State of Panama Pointers

State of Panama Pointers

February 2019: (v. 0.2)

Maurizio Cimadamore

Panama support for foreign function interfaces relies heavily upon the notion of pointers. Pointers are used primarily for two reasons: (i) to serve as a target carrier type for a native pointer type (e.g. int*), and (ii) together with the Scope abstraction, as way to reference regions of memory (which might be located off-heap) in an efficient and safe way (for more details, please refer to this document).

In this document we will focus on the first use case - that is, the problem of mapping native pointers into suitable Java carrier types; we will explain the design center of the Panama pointer API and see how it fits in the C language specification.

Quick overview of the C type system

In the C programming language, types are partitioned into object types (types that describe objects, such as primitives or structs) and function types (types that describe functions). Object types can be complete or incomplete depending on whether there is (or not) enough information to determine their size. The most notable example of incomplete object type is the type void.

It follows that there are two different kinds of pointers: object pointers and function pointers. The former category covers pointers to e.g. primitives (e.g. int*), structs (struct Foo*), and pointers (e.g. int **). In the latter bucket we find pointers to functions (e.g. void(*)(int, long)).

The language allows programmers to convert from one pointer type to another, provided that the type kind is the same. As such, the language allows to convert between object pointer types, and between function pointer types, whereas it does not allow to convert e.g. from an object pointer type to a function pointer type. As it is often the case in C, the semantics of such conversions might be unspecified if the source and target type have incompatible charateristics - e.g. different alignment in case of object types, or different signatures in case of function types.

The pointer to incomplete object type void* is often used as an escape hatch to allow conversion from any two given pointer types, although this usage is not part of the language standards (although in practice it is allowed by most compilers). What the language does say is that an object pointer type of any kind can be converted to and from void*.

In C, pointers often overlap with arrays; the language says that an expression that has type e.g. int[] is implicitly turned (module few exceptions, such as sizeof) into an expression of type int*, where the pointer points to the initial element of the array. This effectively allows programmers to pass arrays where pointers are expected. Indexed access notation [] also applies to both pointers and arrays, further blurring the distinction between the two.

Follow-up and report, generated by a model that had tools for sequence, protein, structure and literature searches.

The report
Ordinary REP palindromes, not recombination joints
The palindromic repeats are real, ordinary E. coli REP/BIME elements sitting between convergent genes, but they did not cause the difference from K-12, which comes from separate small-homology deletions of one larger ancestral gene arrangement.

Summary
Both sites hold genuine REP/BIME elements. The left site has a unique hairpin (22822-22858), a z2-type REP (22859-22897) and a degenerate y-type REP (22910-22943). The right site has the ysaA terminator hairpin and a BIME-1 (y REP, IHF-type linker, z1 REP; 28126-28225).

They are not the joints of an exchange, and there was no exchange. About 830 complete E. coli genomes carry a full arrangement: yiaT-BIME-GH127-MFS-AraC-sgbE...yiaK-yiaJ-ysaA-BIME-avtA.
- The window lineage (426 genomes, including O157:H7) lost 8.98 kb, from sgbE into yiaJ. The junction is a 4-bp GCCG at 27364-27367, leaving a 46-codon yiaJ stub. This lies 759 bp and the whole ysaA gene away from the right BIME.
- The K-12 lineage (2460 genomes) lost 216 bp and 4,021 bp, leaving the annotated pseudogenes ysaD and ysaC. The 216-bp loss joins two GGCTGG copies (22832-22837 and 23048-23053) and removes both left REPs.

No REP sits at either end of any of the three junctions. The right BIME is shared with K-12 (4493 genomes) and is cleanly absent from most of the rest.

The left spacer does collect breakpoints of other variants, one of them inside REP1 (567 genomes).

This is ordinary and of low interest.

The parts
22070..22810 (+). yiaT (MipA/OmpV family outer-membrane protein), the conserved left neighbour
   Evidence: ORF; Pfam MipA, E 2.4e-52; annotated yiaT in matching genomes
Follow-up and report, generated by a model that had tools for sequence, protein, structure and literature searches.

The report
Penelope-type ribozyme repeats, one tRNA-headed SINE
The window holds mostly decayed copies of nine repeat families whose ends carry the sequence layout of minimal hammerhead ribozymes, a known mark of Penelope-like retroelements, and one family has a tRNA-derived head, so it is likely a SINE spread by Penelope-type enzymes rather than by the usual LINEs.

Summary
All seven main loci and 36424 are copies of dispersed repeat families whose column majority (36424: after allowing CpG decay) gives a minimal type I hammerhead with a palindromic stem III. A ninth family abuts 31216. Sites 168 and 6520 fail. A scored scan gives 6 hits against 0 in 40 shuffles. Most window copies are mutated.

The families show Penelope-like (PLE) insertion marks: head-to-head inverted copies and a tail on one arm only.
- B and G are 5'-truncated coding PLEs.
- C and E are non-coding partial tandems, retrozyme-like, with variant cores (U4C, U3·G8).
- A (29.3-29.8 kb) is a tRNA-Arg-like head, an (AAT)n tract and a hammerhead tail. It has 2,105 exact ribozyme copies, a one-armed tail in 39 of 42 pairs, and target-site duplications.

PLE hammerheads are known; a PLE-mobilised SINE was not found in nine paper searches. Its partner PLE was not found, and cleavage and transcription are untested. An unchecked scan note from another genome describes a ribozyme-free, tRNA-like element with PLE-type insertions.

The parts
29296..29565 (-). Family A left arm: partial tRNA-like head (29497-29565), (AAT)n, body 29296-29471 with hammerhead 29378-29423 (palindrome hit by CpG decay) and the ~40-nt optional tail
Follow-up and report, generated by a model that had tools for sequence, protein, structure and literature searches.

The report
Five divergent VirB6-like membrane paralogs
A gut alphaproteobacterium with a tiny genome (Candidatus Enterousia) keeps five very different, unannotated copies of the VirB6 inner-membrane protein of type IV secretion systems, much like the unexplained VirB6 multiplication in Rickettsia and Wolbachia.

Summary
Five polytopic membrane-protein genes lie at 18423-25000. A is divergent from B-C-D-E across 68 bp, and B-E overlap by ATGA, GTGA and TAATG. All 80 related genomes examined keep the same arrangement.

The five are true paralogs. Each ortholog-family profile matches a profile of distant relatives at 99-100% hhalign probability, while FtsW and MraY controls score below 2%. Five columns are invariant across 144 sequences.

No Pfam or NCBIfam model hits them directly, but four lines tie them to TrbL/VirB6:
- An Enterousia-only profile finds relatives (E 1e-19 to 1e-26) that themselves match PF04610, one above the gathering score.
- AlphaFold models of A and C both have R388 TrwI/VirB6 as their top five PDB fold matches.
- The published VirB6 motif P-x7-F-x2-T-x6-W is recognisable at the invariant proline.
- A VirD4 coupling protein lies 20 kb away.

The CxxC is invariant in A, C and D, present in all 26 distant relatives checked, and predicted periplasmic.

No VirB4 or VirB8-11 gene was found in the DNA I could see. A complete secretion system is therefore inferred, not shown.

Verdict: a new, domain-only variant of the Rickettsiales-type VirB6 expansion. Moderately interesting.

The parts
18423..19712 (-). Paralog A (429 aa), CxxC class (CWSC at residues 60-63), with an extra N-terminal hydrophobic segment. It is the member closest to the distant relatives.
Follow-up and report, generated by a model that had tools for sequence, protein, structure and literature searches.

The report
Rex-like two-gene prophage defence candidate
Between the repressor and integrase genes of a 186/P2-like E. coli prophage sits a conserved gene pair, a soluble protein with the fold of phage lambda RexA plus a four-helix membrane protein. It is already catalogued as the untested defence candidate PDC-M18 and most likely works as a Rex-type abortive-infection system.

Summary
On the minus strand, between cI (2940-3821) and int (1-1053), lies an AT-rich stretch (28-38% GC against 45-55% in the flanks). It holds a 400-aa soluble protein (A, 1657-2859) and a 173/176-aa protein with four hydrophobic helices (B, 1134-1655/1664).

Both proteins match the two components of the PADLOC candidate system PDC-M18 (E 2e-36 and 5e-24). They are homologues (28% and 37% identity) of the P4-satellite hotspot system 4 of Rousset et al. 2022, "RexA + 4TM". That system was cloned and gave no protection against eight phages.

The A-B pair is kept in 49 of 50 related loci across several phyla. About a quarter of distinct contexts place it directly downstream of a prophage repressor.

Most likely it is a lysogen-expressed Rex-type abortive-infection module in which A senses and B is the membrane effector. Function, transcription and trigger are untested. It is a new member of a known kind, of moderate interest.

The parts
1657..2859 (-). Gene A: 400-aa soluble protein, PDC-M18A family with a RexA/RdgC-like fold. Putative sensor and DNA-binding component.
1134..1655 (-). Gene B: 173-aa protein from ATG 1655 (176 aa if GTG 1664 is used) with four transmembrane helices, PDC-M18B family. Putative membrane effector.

That said, the semantics associated with array and pointer types is quite different; on the one hand, an array type describes "a contiguously allocated nonempty set of objects with a particular member object type", whereas a pointer describes "an object whose value provides a reference to an entity of the referenced type". This clear semantics distinction will come useful in later sections.

So let's summarize the main points:

Object pointers

In Panama, object pointers are modeled by the Pointer interface, a snippet of which is shown below:

interface Pointer<X> {
    long addr();
    LayoutType<X> type();
    Pointer<X> offset(long nElements);
    <Y> Pointer<Y> cast(LayoutType<Y> type);
    X get();
    void set(X x);

The API is quite self-explanatory, and closely maps the operations one would expect from a C object pointer. A pointer has an address and a type (an instance of LayoutType). The type information is used in three ways: first, it allows conversion operations (see Pointer::cast), secondly, it allows the pointer to know the size of the pointed object, so that Pointer::offset can be implemented accordingly; lastly, the pointer type provides a pair of getter/setter method handles which are used by the dereference operations Pointer::get and Pointer::set.

Void pointers

Void pointers in Panama are just a degenerate case of object pointers; there is a special LayoutType for modeling the incomplete void object type (see NativeTypes.ofVoid) - a Panama void pointer is just a pointer whose type is the void LayoutType. This degenerate void pointer type has an important property: its getter/setter method handle pairs always throw an exception - meaning that it is impossible to dereference a Panama pointer whose type is the void LayoutType.

Bulk operations

If a pointer points to a primitive value (e.g. an int), dereference operations such as Pointer::get and Pointer::set are effectively O(1). But if a pointer points to an aggregate, such operations (especially Pointer::set) might result in bulk copying.